18. Traxman Footworkin On Air (2012)
Mike Paradinas: "Traxman is the cratedigger of footwork. He's into his history and his samples. He's kind of the J Dilla of footwork, I suppose. He's crazily good at finding samples and cutting them up. The thing about Footworkin On Air is the way he makes the sample fly. It's such a good sample – Earth, Wind & Fire, I believe. The 303 underneath, and the syncopation, it's all so beautiful and works so well together. It was the perfect way to introduce the album ['Da Mind of Traxman']. It's lighter than air. It showed some of our audience that footwork wasn't just a sample saying Fuck this fuck this fuck this fuck this, it was something different. That Traxman album reminded me of the era of drum'n'bass that Simon Reynolds calls 'artcore', when it went a bit self-consciously arty, like Omni Trio, Foul Play, and LTJ Bukem slightly – the softer jungle sound after a year of roughneck jungle. 'Conscious jungle', can we call it that? [Laughs] That's an awful phrase. So yeah, 'conscious footwork' if you like. This album had a beautiful sleeve by Optigram as well."
19. John Wizards LEUK (2013)
Mike Paradinas: "Again, totally different – a band from Cape Town, South Africa. I first heard it on Soundcloud. They put a mixtape out on Soundcloud and it was being blogged about. A couple of days after, I emailed the account, and at the same time Marcus [Scott, press and A&R] emailed me and said 'Have you heard this?' So we were totally on the same wavelength. The one I've put here was one of the tracks that stood out to me on the tape. There are so many ideas throughout its duration. It was nice to have all these African influences and a bit of electronics. It made sense to me on Planet Mu. John Withers, the producer, was aware of all the footwork stuff and was a fan of Planet Mu, and he said 'Yes' straight away. It was great to work with them. We signed it about midway through 2012, and it probably came out in September 2013, so it did take a while to get together all the mixes and to release it. We spent a long time mulling over what order to get it in and getting the listening experience to flow."
20. Mr. Mitch Night (2014)
Mike Paradinas: "The Night is the second track on the album ['Parallel Memories']. We'd released grime with Mark One back in 2004, but he was in Manchester. The grime press ignored Viral Syndicate because they were seen as neither British hip hop nor grime – so that album panned. 'Sounding like something Boards of Canada might do if they came from South East London' is what Marcus said about The Night. It's kind of nostalgic. It's not a new thing for grime – I've got this old Kano track from 2004 with that same sort of feel called Old Days, from a mixtape called 'Beyond The Booth', so there was nostalgic grime in 2004. But it gives me that same sort of feeling as stuff like Ruff Sqwad and Wiley's stuff, that synth-y feel. Instrumental grime was a big thing for me because I was buying all the 12"s back in the day. I always wanted to release a Wiley instrumentals compilation, but that never happened due to obvious reasons, so it's nice to be involved now with the Boxed thing. I think Mr. Mitch would like to do a vocal record – his mixes have a lot of vocals in them, from singing and from MCs. There were some harder tracks on the album and there were some vocals, but they didn't fit, and he agreed. And I'm glad, in a way, that it was an all-instrumental record in the end. We were trying to get Feel vocalled, and The Night. Skepta was meant to do The Night actually, but it just never happened. He was really interested. So it could've been that this was a very different record in feel. The second album, the idea is that we try and find some vocals, but it might be a while away. You can get a load of instrumentals together quickly, but a vocal album is gonna take a while."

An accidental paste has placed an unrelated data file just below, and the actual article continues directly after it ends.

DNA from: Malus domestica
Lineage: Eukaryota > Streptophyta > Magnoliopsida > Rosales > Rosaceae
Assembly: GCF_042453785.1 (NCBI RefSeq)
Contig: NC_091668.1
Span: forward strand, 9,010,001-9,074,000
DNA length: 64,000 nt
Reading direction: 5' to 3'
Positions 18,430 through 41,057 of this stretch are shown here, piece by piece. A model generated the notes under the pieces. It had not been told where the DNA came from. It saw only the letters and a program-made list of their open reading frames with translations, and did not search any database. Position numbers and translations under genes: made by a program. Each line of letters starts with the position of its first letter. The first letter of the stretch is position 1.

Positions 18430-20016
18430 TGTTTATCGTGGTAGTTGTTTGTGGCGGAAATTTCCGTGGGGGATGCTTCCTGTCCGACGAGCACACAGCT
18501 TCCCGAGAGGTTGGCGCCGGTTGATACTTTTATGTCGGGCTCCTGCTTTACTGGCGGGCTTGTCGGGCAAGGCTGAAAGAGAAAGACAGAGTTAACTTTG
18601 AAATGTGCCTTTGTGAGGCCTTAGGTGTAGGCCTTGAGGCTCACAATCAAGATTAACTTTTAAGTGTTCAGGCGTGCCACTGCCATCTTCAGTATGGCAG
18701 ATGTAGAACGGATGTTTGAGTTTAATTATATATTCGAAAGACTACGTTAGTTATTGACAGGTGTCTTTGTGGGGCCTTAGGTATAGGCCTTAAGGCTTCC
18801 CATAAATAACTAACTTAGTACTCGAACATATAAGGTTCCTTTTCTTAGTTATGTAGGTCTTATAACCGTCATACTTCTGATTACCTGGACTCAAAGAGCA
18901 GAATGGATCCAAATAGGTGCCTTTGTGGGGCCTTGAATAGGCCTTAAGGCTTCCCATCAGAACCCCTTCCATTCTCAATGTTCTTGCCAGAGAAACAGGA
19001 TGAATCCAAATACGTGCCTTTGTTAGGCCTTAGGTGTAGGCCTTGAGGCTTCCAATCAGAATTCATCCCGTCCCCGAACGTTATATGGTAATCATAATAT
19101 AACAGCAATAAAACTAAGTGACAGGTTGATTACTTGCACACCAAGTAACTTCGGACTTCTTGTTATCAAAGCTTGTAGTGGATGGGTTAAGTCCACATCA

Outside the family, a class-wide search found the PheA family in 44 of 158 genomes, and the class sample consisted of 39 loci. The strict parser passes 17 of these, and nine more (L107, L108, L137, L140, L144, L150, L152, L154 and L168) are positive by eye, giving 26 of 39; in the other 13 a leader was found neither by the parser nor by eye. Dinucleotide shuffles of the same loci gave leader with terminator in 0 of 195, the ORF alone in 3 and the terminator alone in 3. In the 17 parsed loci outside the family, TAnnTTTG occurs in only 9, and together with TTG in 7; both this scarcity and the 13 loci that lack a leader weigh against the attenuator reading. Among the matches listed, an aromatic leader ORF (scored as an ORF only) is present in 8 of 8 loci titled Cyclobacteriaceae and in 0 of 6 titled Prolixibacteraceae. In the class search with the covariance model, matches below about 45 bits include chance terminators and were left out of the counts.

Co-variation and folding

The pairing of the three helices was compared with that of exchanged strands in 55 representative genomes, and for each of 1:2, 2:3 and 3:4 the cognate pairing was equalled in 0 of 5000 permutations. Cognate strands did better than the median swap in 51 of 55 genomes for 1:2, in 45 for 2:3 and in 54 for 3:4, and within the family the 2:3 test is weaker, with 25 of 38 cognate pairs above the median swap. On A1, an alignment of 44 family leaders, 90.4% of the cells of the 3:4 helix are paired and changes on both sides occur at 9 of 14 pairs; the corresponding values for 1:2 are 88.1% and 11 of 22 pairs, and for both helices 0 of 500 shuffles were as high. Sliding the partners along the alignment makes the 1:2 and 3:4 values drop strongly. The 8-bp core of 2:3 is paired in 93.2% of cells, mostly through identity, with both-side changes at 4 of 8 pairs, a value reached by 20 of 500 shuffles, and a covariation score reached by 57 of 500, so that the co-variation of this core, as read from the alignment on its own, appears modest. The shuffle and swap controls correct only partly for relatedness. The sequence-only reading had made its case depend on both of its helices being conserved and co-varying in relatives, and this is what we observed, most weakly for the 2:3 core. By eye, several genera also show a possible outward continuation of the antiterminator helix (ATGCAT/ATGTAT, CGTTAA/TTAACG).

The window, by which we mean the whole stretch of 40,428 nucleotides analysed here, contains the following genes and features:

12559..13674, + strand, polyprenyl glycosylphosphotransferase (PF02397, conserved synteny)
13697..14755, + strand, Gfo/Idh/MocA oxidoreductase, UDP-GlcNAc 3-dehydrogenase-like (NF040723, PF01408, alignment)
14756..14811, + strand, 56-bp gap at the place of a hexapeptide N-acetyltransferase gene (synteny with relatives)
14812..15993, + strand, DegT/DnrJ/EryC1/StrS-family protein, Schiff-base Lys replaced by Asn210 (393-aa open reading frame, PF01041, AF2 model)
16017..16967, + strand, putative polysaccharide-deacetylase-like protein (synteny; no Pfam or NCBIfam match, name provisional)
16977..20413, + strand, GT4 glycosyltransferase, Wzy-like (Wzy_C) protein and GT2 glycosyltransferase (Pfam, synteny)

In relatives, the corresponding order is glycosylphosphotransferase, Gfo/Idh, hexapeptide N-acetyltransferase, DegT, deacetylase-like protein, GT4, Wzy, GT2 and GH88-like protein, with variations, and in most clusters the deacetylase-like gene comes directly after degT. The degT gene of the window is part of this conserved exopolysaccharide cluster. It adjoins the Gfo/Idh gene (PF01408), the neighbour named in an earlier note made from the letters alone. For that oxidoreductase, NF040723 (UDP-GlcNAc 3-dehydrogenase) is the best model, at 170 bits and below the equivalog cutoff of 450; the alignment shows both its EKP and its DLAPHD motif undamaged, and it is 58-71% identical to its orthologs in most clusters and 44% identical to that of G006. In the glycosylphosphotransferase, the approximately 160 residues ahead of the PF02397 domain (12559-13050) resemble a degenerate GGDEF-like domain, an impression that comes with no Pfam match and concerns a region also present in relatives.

2015 and beyond: Jlin Unknown Tongues (2015)
Mike Paradinas: "I've been working with Jlin since about 2011, when she appeared on 'Bangs & Works Vol. 2'. It was clear that she was doing something different, but it took a few years. She was writing tracks here and there which she thought might go on 'Bangs & Works Vol. 3', but I decided that 'Bangs & Works Vol. 3' wasn't gonna happen because I couldn't find enough that I was excited with in the scene. I didn't need to, either – 'Next Life' is 'Bangs & Works Vol. 3'. With Jlin, I don't think she had much self-belief. We'd been trying to compile an album for a long time, but because of our 'two footwork albums a year' rule, nothing came up for a long time. By then, she'd written Guantanamo and all these crazy tracks. So she was definitely the next choice. She's interesting because she's slightly outside the scene. Her production is more contemporary. It sounds like something from Berlin – she seems to have more in common with Amnesia Scanner or TCF than footwork. Jamie chose tracks that'd appeal to that scene. We have a single coming from Jlin at the end of the year that has more of a footwork feel – we separated them deliberately. She's already started writing a new album and there's great stuff on the way. She's got a lot more confidence in herself thanks to all the good feedback she's had."